Oscar Trimboli, author of ‘Deep Listening' says by not listening ’the same issues keep occurring therefore people are blamed.’ Excuses like: No time Too much to do Too hard Too many people to get through ...are excuses with simple answers.

    It takes effort and empathy to pay attention to people, especially when they're sharing their story, and it’s not about you. New ways of working require us to change what we do so we can make progress through these tricky times. To listen and learn from others is a key part of this. And for many people this indeed is a 'new way of working'. 

    Monday
    Jun032019

    The tragedy of untapped expertise

    The tragedy of untapped expertise.

    How often in a meeting, you know what’s happening, you have experience to add, you’ve seen the thing, done the thing the group is thinking about or working on ... yet your experience is:

    * Overlooked

    * Ignored

    * Forgotten

    * Dismissed

    * Excluded

    * Bypassed

    * Invisible?

     

    A life hack calendar on my wall has the quote: "Learning from mistakes is wise, learning from the mistakes of others is quicker and easier”. Your experience is awesome and valuable. Do not ever, ever doubt that.

    What’s missing is a way to gather that experience, synthesise it, make sense of it and bring it into the team and organisation. Simply telling an ‘I’ve done this’ or a ‘When I worked at x’ story doesn't seem to cover the breadth and depth of our experiences.

    So leaders: you must elicit the expertise in the room, team or group. No matter who, or what or from where. It’s one of the biggest no-brainers in the workplace today too often overlooked. For planning, strategy, problem solving, you don’t need to always start at the zero point. You’ve got incredible expertise on tap, and you’re simply - and seriously - not tapping it. Get tapping.

    How does it feel to not be 'seen' or heard?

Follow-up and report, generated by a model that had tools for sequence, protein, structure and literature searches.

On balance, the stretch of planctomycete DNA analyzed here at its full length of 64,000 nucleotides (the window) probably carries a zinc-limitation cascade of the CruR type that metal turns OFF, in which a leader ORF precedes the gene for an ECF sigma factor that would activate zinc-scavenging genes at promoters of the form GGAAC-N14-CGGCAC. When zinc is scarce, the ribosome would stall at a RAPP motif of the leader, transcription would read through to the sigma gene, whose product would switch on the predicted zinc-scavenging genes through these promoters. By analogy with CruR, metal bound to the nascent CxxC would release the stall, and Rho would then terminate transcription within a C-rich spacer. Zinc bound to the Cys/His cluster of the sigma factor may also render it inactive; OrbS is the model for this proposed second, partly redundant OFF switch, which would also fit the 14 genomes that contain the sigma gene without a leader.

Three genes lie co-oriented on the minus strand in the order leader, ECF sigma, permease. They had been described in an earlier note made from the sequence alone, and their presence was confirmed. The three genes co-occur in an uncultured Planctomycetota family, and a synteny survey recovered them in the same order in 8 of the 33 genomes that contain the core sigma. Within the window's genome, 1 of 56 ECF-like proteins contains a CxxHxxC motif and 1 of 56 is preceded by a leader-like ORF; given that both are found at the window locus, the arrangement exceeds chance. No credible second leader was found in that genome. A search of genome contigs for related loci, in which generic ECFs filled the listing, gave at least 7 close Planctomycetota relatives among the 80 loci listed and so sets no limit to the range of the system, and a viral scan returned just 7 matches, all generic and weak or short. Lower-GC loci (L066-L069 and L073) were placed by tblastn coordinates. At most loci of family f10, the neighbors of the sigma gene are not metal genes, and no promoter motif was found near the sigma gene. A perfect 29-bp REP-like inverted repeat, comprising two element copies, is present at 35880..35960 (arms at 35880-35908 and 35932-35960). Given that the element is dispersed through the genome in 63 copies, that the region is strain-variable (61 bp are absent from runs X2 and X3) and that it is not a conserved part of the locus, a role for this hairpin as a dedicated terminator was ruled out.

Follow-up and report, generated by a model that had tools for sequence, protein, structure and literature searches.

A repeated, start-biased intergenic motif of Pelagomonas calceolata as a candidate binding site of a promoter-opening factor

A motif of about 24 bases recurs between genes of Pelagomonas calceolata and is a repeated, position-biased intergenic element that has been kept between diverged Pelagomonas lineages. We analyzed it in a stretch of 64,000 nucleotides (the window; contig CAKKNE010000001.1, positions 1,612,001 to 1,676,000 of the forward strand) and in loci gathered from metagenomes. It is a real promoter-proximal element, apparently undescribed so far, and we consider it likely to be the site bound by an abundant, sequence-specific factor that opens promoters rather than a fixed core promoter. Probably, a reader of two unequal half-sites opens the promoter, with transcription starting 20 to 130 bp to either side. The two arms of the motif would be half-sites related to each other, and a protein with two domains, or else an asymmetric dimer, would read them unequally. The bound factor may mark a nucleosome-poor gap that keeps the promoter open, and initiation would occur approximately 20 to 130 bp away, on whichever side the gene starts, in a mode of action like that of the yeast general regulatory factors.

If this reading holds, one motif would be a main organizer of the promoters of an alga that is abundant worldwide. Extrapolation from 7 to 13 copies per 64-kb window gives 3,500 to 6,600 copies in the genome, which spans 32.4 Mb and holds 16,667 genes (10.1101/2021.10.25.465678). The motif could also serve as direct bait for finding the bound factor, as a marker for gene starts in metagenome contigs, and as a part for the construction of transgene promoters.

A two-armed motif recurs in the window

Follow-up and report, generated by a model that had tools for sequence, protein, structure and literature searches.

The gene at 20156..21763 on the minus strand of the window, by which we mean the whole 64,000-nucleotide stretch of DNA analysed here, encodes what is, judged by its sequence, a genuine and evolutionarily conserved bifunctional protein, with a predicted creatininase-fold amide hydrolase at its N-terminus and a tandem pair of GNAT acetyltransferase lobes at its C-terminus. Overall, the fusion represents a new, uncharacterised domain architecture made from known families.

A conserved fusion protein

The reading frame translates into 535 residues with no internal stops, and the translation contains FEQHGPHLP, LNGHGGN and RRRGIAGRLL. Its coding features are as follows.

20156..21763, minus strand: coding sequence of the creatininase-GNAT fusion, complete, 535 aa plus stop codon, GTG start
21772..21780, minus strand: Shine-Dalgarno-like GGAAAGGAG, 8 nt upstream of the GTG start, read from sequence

Monday
    Jun032019

    There is power in 'collective sense'

    There is power in 'collective sense'. This week I'm posting on sensemaking, the skill in understanding the deeper meaning of something.

    How do you do it? Write some stuff down and write it in a layout that looks more like a map rather than a list. When you do this in a meeting and other people can see that map, you start to do ‘collective sensemaking’. Making sense of things together.

    Collective sense is in contrast to lone voices and egos who dominate meetings, propose solutions prematurely, or shut people down. It’s in contrast to the loud speakers, the interrupters and the repeaters. Collective sensemaking makes better leaders, and it's a skill today's leaders need to sharpen up on.

    I’ll leave you with these four templates from my book ‘Making Sense: A Handbook for the Future of Work’:

    1. a simple line or continuum

    2. a set of stairs (have you ever presented information about 'stepping up or improving'; this is an ideal shape and template)

    3. a path or road with signs (journey, anyone?)

    4. network diagram (from earlier this week). Give a like if you've learned something this week about sensemaking.

    πŸ€” What are you trying to make sense of at work?